“I haven’t visited a foodbank before,” the man said as a microphone hovered overhead and cameras swung to face him, “But I have known people that have. And the vast majority of them that do go for free food, smoke, drink and have Sky television.”
Airing his opinion on a recent episode of BBC Question Time, the man seemed unbothered by his fellow audience members’ reaction to his claim.
But as Trussell Trust chief executive David McAuley wrote soon after, “you can’t just turn up at a foodbank’s doors because you spent all your money on Sky TV.” Most people are referred through job centre advisors or GPs.
And here, three people who have used foodbanks share their stories, from the sudden turn of events that shook one woman’s life upside down to a family that hit tough times.
I was working full-time hours as a nurse and of course I had Sky, I had everything that you needed.
SUBSCRIBE AND FOLLOW NEWS
Then I had two strokes.
I didn’t have sick pay because I was casual bank staff. So then I thought: ‘How am I going to do this?’ I went through with the social security but it takes six weeks to get that sorted. Then everything was running lower and lower and lower. I still had money from my last wage but it was trying to get the bills paid.
I was getting anxious, I had depression. I had to cancel Sky, I cancelled my phone, my life insurance. I had to get rid of my car. My whole lifestyle changed.
For somebody who had been working from the age of 16, all my life, and then just being hit with this. It knocked me for six.
Financially I couldn’t do a loan. I had seen someone had shared the advertisement of my local foodbank. It ended up being my only choice.
I can remember driving in and sitting in the car. I came down and sat in the car for a good 15, 20 minutes, not knowing should I go in, should I not? Then I finally plucked up the courage and walked in and really the welcome that I got was just magnificent.
I was crying, I felt so low, I felt awful I was taking this food and they were reassuring me. I basically could have come in off the street as anyone but it was genuine, I just needed this bit of help until the benefits kicked in and things became better for me.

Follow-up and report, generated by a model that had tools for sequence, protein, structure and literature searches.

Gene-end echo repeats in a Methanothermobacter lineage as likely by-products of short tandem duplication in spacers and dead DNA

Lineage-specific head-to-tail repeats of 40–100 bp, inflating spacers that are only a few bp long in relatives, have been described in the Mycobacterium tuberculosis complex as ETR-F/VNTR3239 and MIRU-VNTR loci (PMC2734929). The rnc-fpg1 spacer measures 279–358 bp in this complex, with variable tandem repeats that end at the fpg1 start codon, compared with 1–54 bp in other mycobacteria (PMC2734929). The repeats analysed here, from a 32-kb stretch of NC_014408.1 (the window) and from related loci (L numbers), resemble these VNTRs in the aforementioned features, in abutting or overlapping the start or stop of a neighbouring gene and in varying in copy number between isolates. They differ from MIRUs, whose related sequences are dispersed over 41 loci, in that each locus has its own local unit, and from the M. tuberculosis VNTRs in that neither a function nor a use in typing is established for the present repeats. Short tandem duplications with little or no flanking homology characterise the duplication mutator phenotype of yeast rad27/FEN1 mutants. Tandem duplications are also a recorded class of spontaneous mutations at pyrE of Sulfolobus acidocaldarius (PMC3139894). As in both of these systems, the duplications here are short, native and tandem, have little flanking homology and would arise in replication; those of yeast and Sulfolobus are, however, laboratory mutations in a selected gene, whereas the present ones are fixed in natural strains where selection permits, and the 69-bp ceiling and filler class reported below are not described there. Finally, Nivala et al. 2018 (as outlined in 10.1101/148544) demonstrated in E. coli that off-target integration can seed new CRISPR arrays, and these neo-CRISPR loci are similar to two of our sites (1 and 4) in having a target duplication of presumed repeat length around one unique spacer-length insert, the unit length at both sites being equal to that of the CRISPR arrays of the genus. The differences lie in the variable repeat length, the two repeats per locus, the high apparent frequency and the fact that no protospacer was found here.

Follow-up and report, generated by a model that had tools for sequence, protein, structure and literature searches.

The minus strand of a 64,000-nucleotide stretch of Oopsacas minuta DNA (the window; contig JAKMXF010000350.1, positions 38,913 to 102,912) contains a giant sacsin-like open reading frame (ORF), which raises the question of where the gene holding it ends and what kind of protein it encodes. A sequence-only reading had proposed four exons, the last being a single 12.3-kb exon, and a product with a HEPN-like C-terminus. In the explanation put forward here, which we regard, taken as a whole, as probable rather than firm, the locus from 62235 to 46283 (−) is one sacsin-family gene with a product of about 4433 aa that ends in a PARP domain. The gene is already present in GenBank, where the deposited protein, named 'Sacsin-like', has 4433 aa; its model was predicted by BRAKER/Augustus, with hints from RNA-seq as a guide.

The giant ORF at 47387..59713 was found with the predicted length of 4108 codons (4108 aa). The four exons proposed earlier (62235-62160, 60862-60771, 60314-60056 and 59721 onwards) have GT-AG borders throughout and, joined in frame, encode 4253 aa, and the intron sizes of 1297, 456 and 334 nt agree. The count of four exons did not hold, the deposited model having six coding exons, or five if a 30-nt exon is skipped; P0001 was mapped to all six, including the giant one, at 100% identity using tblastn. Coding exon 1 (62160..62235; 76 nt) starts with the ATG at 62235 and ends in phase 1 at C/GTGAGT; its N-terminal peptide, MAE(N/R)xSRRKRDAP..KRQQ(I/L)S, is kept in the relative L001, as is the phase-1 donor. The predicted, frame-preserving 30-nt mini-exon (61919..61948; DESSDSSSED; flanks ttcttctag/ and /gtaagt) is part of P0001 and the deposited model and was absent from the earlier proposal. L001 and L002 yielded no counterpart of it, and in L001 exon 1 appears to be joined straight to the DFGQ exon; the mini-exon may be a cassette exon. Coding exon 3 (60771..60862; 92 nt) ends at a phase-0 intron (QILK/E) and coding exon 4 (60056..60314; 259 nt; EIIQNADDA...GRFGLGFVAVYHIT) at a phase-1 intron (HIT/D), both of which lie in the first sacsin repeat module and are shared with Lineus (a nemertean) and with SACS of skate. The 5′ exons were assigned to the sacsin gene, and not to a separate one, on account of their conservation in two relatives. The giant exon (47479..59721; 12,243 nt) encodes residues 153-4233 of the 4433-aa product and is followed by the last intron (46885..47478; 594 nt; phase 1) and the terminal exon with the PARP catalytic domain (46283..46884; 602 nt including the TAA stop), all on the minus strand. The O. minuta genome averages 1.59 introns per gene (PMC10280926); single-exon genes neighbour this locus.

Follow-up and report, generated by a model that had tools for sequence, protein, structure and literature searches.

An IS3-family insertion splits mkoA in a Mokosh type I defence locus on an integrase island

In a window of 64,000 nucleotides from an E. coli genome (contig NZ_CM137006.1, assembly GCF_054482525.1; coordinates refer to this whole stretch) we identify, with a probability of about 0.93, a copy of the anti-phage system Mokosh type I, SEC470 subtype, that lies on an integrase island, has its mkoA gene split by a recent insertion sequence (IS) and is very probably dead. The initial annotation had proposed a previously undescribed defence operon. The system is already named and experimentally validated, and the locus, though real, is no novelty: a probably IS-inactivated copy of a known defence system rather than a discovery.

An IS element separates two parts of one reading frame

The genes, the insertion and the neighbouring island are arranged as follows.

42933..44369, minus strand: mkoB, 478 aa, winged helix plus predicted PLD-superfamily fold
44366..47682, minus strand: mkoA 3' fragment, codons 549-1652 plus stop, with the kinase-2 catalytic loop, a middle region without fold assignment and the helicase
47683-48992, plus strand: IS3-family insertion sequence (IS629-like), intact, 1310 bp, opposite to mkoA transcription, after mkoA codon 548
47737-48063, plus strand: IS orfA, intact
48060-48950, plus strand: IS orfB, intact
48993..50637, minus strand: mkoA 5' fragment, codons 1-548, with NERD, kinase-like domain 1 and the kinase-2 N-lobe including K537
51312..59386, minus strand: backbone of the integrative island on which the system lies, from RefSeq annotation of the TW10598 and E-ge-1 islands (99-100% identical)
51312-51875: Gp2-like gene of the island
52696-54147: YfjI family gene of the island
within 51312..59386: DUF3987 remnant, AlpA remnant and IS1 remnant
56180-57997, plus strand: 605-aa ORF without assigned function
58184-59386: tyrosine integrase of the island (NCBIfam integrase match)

A lot of people don’t seem to know the circumstances behind foodbanks. A lot of people’s perception is that someone just walks in off the street, gets food and then goes home. But it’s not like that, there’s a lot more behind the scenes. Those who think that need to go and see for themselves outright what it’s like.
It is so emotional.
People like myself who had a good job and due to health had this happen. You feel degraded going there, but those who stand back and judge really shouldn’t. Foodbanks are there to help.
It was just tiding me over, I wasn’t going every week or anything like that. This food was to tie us over for so many days - and it was how you dealt with that food for so many days.
They told you how you could make a meal with this that and the other. It showed me how not to waste food and how to budget. Financially they got me advice on the debts that I needed help with. They helped with my depression.
They really did pull me out.
The film ‘I Daniel Blake’ really sums up my experience - it really hits the nail head on with what it’s really like for people.
I remember hearing about a type of foodbank years ago when my parents had to use one so I just thought this could be the answer for me.
I want to see the government giving us more help - the biggest thing is the benefits cuts. People are really struggling.
It wasn’t a comfortable sensation, walking into the foodbank. I didn’t know what kind of reception I’d get - would they be snooty? Rude? Would they try to make me squirm with embarrassed gratitude? Not a bit of it. They were efficient but polite; kind but not patronising.